Football pants, denim jeans, people stepping all over your new carpet with their bare feet as they rush in from the patio- they all have leftover stains that must be treated in different ways.
Note: Always test these methods in a small patch before treating the whole stain.
Cotton and other natural fabric
Here we are, back at it with our trusty vinegar! This will work wonders on most types of clothes- especially cotton pants and jerseys but always check, just in case.
- Dampen your stain.
Rinse the affected area with cool water. Grass stains in clothes set easily with warm water, and as such, take care to use only cool water.
- Pour vinegar on the stain.
Taking a bit of white vinegar, rub it on the stain.
- Pour detergent on the stain.
5 minutes after using the vinegar, pour a bit of laundry detergent on the affected area. After this, gently massage the cloth, slowly scrubbing away the affected area.
- Let it sit.
Allow a little time- 10 minutes or so, before rinsing the cloth. The stain should be gone, or at least, should be noticeably lighter. Rinse and repeat until the stain disappears.
- Rubbing Alcohol
Isopropyl alcohol, or rubbing alcohol, is a chemical solvent- you can use it to dissolve the green pigment in grass stains. It’s a very common chemical, used in most detergents, antiseptics, and disinfectants.
- Small note: If the cloth is delicate, use a diluted mixture- 1:1 with cool water and vinegar.
- Dampen cloth.
Wet the cloth with a sponge dipped in the alcohol or the alcohol mixture.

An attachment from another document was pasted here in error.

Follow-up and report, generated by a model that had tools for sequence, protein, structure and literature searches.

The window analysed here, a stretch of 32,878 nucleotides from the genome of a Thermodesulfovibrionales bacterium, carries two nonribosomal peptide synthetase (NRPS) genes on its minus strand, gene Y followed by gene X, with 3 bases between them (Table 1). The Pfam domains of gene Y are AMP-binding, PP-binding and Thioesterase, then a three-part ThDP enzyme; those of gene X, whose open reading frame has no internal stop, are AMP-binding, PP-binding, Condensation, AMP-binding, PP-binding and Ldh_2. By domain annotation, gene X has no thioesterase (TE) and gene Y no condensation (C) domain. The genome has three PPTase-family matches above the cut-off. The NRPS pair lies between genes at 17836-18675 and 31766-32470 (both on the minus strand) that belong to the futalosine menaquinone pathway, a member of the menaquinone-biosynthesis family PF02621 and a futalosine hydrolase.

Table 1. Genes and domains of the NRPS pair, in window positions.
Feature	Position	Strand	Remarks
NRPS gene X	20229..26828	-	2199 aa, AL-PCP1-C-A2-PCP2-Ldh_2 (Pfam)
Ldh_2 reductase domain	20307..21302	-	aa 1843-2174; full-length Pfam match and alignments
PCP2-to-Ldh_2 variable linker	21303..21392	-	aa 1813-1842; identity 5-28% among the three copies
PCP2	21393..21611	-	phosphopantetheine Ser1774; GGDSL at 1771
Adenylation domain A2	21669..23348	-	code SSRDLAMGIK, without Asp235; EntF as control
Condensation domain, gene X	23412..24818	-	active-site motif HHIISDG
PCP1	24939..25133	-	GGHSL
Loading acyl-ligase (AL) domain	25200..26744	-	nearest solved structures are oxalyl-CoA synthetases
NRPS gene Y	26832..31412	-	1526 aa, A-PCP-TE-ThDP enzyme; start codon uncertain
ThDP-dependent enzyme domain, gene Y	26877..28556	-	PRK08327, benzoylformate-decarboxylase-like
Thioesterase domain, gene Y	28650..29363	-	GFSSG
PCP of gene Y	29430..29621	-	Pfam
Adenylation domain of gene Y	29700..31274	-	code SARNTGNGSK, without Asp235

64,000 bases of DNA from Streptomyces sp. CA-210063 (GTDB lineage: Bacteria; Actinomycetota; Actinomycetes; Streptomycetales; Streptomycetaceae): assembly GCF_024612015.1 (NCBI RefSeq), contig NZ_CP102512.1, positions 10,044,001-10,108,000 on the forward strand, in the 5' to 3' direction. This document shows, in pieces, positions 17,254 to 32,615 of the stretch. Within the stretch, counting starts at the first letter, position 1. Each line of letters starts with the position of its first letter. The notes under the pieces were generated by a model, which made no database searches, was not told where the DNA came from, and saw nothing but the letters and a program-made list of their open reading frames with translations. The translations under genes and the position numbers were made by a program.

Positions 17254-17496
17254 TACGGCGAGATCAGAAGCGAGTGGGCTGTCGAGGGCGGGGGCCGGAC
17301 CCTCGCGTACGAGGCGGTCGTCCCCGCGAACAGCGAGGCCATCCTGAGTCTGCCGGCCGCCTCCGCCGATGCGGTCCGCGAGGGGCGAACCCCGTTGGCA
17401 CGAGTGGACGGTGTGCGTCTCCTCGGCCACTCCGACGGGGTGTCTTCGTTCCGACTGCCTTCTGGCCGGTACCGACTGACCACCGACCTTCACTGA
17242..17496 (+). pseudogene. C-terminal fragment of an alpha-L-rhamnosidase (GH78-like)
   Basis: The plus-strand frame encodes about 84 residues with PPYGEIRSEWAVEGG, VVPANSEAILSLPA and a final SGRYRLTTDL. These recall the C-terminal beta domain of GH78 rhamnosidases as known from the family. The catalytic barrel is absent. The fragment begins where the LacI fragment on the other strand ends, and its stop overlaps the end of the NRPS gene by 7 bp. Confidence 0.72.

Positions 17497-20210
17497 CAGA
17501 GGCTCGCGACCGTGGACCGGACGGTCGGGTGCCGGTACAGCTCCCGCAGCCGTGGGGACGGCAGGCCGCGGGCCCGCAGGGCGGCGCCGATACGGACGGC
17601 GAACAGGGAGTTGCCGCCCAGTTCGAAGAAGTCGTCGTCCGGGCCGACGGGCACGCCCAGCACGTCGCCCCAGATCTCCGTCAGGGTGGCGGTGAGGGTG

- Air dry cloth.
Dry the cloth in room temperature air. After the cloth is dry, rinse with cool water.
- Pour laundry detergent.
Use detergent after the rinsing, massaging it for at least 5 minutes. Once again, rinse with cool water. The stain should have cleared by now, if not, repeat the process.
- DIY Cleaning Solutions
While the two above mentioned steps work well enough, sometimes no matter how hard you try it’s just not enough.
Provided that your cloth is strong and you can bleach it- this method generally works best with white clothes- you could try making your own cleaner.
For, you will need bleach, hydrogen peroxide and cool water.
- Mix the bleach, hydrogen peroxide and water in a measuring cup in a 1:1:2 ratio.
- Take the affected area of the cloth and apply there, massaging it slowly with gloved hands. Let it sit for about 30~60 minutes, though ideally, longer is better.
- After some time has passed, rinse the cloth with cool water. If the stain hasn’t disappeared yet, reapply until satisfied.
- When the stain disappears, launder the clothes as usual.
4. Grass Stains on Denims
Unlike normal fabrics, denims have different requirements and as such are difficult to properly clean and launder the usual way.
Removing stains from denim jeans takes quite a good amount of elbow grease, and it’s not different this time either.
- Take the stained fabric and wet it thoroughly. If you wish to use vinegar or rubbing alcohol to speed up the cleaning process, use it sparingly, and in a diluted form.
- Pour laundry detergent onto the fabric.